You may have read that in response to criticism about its biased coverage of the Trump campaign, the New York Times has rededicated itself to honest reporting.
After you get up off the floor from laughing hysterically, consider this story that ran days after the Times’ renewed commitment to ethical journalism: On November 14, the New York Times ran an article with the headline: “76 Experts Urge Donald Trump to Keep Iran Deal.” In the second paragraph, the article claims this report was signed by “former officials from both major political parties.”
Not until the sixth paragraph does the story mention that this report was issued by the National Iranian American Council (NIAC).
This is the kind of dishonest reporting we have come to expect from the New York Times.
NIAC, well known as the head of the Iran lobby in the United States, aggressively campaigned for the Iran nuclear deal. The Times misleadingly describes it as “a Washington group that has advocated improved relations with Iran, even while sharply criticizing Iranian leaders over human rights issues.”
The NIAC report reads like it was written by the Iranian foreign ministry. Not only does it call for President Trump to stick with the Iran deal and not impose new sanctions, the report ignores a sharp increase in belligerent behavior by Iran since the nuclear agreement was announced, suggests the U.S. should ignore Iran’s ballistic-missile program, and calls for close U.S.–Iran cooperation on Iraq, Syria, and Afghanistan.
According to the report, U.S.–Iran relations have reached their highest point in 37 years due to the nuclear agreement. I don’t think the crews of U.S. ships in the Persian Gulf and the Red Sea who have been harassed by Iranian ships and had missiles fired at them from Yemen would agree.
On Iran’s gross human-rights violations, the report essentially calls for the Trump administration to ignore them and instead makes the bizarre recommendation that President Trump take steps to show that America does not seek to harm innocent Iranians by speeding up the sale of civilian airliners to Iran.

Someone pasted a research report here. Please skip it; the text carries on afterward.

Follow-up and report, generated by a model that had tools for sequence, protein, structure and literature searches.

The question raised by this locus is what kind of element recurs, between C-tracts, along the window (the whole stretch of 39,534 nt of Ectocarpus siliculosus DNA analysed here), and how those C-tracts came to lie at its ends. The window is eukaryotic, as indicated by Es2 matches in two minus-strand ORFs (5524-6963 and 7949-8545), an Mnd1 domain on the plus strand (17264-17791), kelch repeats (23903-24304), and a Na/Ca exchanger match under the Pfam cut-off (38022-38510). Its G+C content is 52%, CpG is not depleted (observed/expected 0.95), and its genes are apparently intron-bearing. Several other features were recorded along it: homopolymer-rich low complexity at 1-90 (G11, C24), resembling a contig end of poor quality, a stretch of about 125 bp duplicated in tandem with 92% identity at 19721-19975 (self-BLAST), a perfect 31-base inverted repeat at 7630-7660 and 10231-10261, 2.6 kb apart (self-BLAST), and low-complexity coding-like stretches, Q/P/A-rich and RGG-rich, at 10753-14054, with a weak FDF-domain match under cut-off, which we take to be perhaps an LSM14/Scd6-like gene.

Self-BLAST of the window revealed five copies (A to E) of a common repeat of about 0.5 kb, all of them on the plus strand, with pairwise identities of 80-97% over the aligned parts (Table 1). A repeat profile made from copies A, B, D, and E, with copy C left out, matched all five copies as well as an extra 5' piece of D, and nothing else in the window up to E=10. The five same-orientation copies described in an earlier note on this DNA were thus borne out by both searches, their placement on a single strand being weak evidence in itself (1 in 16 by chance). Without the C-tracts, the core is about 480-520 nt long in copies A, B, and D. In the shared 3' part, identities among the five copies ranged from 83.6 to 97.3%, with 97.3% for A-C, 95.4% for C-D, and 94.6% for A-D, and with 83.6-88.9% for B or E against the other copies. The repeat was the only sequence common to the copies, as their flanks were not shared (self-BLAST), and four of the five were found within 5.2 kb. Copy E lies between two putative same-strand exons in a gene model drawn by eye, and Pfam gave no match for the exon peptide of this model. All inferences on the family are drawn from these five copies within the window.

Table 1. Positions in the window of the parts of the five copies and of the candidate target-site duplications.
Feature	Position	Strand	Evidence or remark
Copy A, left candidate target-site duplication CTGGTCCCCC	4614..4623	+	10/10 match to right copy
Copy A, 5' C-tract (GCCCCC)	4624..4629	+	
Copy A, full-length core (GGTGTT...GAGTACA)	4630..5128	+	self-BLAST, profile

The 76 “experts” who signed the NIAC report are mostly on the far left, including Noam Chomsky, Joseph Cirincione, Juan Cole, and John Esposito.
The article identified Lawrence Korb, Lawrence Wilkerson, Chas Freeman, and Gary Sick as experts who signed the report and served in Republican administrations. The Times did not mention that these men are now firmly on the left.
Korb may have been a Republican at one time but now works for the George Soros-funded Center for American Progress and was a surrogate for Bernie Sanders and Hillary Clinton.
Wilkerson, Secretary of State Colin Powell’s chief of staff, joined the far Left as a fierce critic of the Republican party after Powell stepped down. He has called for George W. Bush and Dick Cheney to be charged with war crimes over the Iraq War.
Freeman, a former ambassador to Saudi Arabia and assistant defense secretary for international affairs in Republican administrations, blamed the “Israel Lobby” for forcing him to withdraw from accepting a top intelligence post in the Obama administration.
And then there is Gary Sick, who the Times identifies as “a Columbia University scholar who served on the National Security Council under Reagan as well as Presidents Gerald Ford and Jimmy Carter.” Sick is better known for circulating a false story in 1980 that that the Reagan campaign persuaded the Iranian government to not free U.S. hostages until after the 1980 election to ensure President Carter’s defeat.
How could the Times fail to mention this report was issued by a group that is essentially Iran’s main lobbying arm in the United States? How could it ignore the strong pro-Iran bias in this report? How could the Times not mention the troubling backgrounds of the signatories like Wilkerson, Freeman, Sick, and others?
Most importantly, why did the Times article not admit the NIAC report has zero credibility and will be completely ignored by the Trump administration?
The answer to these questions is that the New York Times has no interest in changing its ways and doing honest reporting. It remains a propaganda organ of the Left. Fortunately, the Times has lost so much credibility that few take articles such as its NIAC-report story seriously.
For a fair and balanced discussion of how President Trump should deal with Iran, see my November 14, 2016, National Review article, “Yes, Trump’s Going to Dump the Iran Deal.”